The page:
NFL Quiz : Rookie of the Year

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The Year of Suh

With the regular season coming to an end and the stories turning towards 2011, the time has come to take a look at the rookies of the 2010 NFL season and determine who is worthy of praise. Awards will be coming from the league and others as one of the best rookie crops in league history puts their debut in the rear-view mirror… and we want to see if you were paying attention.

Ten questions. Answer as you see fit. There may or may not be a correct answer, but we don’t give a damn regardless… we’re all about the love of the journey (and to be honest, I have no clue how to setup an actual quiz… so its more like a poll, and if you want to judge your answers by the masses or by my own, that’s your call).

Let’s see…


The wise answer would be Ivory… undrafted, he comes in and finds opportunity due to injury and he takes full advantage, taking a few fantasy owners along with him. He’s averaging 5.3 yards per carry with 683 rushing yards on 130 carries, posting five touchdowns along the way. Clearly he was one of the most underrated NFL commodities available for hire this season.

However, I’m giving it to Perrish Cox… not only did he find the opportunity to play in a variety of roles for the Denver Broncos, but he contributed to the overall destruction of football love in the Mile High with an arrest for sexual assault, allegedly having his way with a girl who was passed out. He serves as a reminder to us all that most of the guys are complete and total assholes and that all of the awards, signing bonuses, and accolades change nothing. Cox has worked hard to balance the religious rise that will come with the arrival of Tim Tebow. You can’t have good without evil, and it sounds like Cox is one of the more evil mother fuckers in a group of social deviants working in Denver.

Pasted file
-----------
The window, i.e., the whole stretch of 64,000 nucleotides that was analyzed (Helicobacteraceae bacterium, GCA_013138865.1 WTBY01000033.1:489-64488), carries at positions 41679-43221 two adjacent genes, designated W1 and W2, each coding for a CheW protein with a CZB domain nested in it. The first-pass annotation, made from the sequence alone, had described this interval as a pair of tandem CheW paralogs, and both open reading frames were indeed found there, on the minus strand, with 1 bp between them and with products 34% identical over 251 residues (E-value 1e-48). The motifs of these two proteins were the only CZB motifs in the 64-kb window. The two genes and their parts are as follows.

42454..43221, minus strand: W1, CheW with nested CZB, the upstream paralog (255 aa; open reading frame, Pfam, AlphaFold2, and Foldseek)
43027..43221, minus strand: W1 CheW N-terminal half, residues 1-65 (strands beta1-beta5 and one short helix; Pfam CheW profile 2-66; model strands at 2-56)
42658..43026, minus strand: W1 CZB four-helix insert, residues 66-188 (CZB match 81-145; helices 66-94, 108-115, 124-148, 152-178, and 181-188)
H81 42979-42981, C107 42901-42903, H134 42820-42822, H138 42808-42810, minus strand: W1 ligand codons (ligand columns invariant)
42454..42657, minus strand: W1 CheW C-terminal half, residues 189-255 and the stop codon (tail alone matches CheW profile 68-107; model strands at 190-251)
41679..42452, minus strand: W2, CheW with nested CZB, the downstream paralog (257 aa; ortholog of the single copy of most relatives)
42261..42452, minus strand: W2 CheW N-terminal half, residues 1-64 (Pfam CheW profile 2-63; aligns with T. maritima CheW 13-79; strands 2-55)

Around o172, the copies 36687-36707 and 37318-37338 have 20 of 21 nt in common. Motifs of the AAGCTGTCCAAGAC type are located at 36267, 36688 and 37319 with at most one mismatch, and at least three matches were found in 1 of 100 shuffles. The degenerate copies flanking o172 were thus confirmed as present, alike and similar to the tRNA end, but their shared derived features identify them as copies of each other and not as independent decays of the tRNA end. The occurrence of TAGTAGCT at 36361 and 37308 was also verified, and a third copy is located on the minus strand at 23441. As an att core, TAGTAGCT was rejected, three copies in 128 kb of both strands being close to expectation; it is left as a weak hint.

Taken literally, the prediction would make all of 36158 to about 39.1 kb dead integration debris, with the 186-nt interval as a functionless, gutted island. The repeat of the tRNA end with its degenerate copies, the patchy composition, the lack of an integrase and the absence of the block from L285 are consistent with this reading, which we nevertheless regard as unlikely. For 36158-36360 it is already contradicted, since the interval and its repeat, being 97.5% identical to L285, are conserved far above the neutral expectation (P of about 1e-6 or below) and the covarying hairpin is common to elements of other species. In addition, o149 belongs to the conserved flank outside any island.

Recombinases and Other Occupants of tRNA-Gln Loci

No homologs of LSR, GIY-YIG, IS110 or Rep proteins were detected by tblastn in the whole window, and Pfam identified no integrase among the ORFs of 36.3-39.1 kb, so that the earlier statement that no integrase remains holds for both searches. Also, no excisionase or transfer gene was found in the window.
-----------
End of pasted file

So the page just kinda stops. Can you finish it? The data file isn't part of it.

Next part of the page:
There’s something to be said for that. Doubt Cox wants to be recognized as the king of the assholes… too bad.


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Eric Berry, S, Kansas City

You can’t go wrong with any of these guys. McCourty has been the best corner on the roster for New England and clearly has made an impact at a position the Patriots needed this season. Ward was one of two defensive gems in Cleveland, though corner Joe Haden (as the seventh-overall pick) has received most of the attention. Thomas has provided all he can for a struggling franchise in Seattle and has also been a contributor on special teams. Berry has needed no time at all to become one of the most feared safeties in the league.

The safe answer is Berry, but we’d give our vote to McCourty… not so much because his team is winning, but in large part due to the lack of overall depth in the league at the position and the nature of the position. Safeties are cool, but corners are money. Berry will be a source of highlight for years to come. McCourty is the guy quarterbacks will quit throwing at.


Again, no wrong answer… ALL of those guys have been influential for their squads. Saffold took over starting duties at left tackle, beating out the Rams’ top pick from last season (Jason Smith) for the job. Walton started every single game for the Broncos and has been, by all accounts, the most reliable blocker on the team. Veldheer moved into starting honors for Oakland rather quickly and has been one of several young contributors helping that team improve on offense.